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  • iStock/Thinkstock(NEW YORK) -- Two storm systems are expected to move through the country this week, just ahead of the Christmas holiday, bringing more than a foot of snow to some areas and heavy rain to others.The first storm is forecast to hit the far south on Monday, bringing as much as 4 inches of rain to some areas between Texas and the Carolinas.The second storm is expected to bring snow and arctic cold from the Northwest into the Midwest. That system will start out Wednesday on the West Coast bringing rain from Seattle to San Francisco and mountain snow from the Cascades to the Sierra Range.On Thursday, the storm system will move out into the Plains, bringing heavy snow from Denver to the Twin Cities. Some areas could see more than a foot of snow.By Saturday, the storm system will reach the East Coast, lashing the areas between New York City and Atlanta with heavy rain and a few thunderstorms.Behind the storm system, bitter cold air will spill into the Upper Midwest and the Plains, with some temperatures falling below zero.Copyright © 2017, ABC Radio. All rights reserved.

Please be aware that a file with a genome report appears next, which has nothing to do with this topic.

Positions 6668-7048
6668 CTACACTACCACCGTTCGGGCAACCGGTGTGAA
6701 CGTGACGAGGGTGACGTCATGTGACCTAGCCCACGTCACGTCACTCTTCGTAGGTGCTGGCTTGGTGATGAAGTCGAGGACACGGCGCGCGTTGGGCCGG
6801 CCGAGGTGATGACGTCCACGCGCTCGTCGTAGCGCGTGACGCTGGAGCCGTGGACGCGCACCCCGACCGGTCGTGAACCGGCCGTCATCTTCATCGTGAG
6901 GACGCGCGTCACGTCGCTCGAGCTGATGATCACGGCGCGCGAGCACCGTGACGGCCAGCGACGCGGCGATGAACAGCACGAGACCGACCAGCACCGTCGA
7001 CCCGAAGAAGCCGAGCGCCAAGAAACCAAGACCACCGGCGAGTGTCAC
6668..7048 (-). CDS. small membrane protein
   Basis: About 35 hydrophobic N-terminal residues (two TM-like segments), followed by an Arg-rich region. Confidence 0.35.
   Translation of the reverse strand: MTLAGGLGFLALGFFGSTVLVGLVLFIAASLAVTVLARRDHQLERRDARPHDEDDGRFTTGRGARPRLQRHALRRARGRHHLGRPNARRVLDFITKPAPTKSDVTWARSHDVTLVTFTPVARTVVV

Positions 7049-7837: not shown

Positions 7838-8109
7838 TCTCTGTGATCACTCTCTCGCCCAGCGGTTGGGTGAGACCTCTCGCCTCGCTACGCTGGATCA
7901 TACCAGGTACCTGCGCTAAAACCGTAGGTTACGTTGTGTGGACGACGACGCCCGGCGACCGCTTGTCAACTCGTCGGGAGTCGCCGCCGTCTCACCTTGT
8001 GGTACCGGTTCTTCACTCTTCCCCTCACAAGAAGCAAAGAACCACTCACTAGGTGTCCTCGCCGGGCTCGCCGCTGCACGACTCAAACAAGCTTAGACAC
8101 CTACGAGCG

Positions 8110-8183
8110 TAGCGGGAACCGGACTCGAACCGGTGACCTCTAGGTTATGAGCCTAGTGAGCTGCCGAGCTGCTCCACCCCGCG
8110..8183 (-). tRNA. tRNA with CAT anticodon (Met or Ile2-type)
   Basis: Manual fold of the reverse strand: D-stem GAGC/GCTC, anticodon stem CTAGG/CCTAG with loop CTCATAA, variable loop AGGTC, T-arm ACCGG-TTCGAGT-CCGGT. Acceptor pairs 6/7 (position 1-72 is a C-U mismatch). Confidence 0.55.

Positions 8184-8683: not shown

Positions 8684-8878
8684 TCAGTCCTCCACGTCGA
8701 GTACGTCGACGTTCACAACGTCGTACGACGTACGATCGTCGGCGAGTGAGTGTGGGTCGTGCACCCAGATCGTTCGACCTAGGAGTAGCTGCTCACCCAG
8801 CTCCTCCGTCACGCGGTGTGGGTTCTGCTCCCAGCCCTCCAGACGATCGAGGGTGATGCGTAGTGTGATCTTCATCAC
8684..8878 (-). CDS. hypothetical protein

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  • iStock/Thinkstock(STEUBENVILLE, Ohio) -- Wilbert Knight, a custodian at Pugliese West Elementary School in Steubenville, Ohio, brings joy to the staff and students with his lovely singing voice.“He’s an inspiration to all of us. Not only to the kids, but to our staff,” Principal Lynnett Gorman told ABC News. “In a world where kids are sometimes lacking a positive male role model, Mr. Knight has really shown to be that for them. The kids love him. They give him hugs, he greets them with songs and they greet him with smiles. We’re pretty lucky to have him.”Janitor brings down the house singing Sam Cooke with school orchestraSchool janitor vacuums artistic designs into rugs as daily surprise for kidsKnight has been working in the school system for more than 22 years. His favorite part of the job?“I love the kids. I love seeing them smile and seeing them happy,” he told ABC News.And he sure is good at it. They are greeted each morning with the smooth sounds of his voice rolling through the hallways.“When I first get here in the morning I can hear it echoing through the halls and it always brightens our day,” said Jared Robinson, a second-grade teacher at the school.Robinson posted a video of Knight singing “Happy Birthday” to a fellow coworker as part of their “staff spotlight,” in which they highlight an employee on the school’s Facebook page “so the community gets to know everyone that works in our building," said Robinson.The video went viral with more than 4,000 views, so the school continued to post more.“That’s just Mr. Knight spreading his positive message,” said Robinson.Knight, 61, can’t believe the attention his talent is bringing.“I just want to touch people’s hearts,” he said. “I’m going to keep on singing. I’m not going to stop. That’s my gift from God.”He said his favorite artist to sing is Luther Vandross, but on Sundays you can catch him singing gospel with his church choir.“I’m a gospel singer. That’s what I do,” said a proud Knight.   Copyright © 2017, ABC Radio. All rights reserved.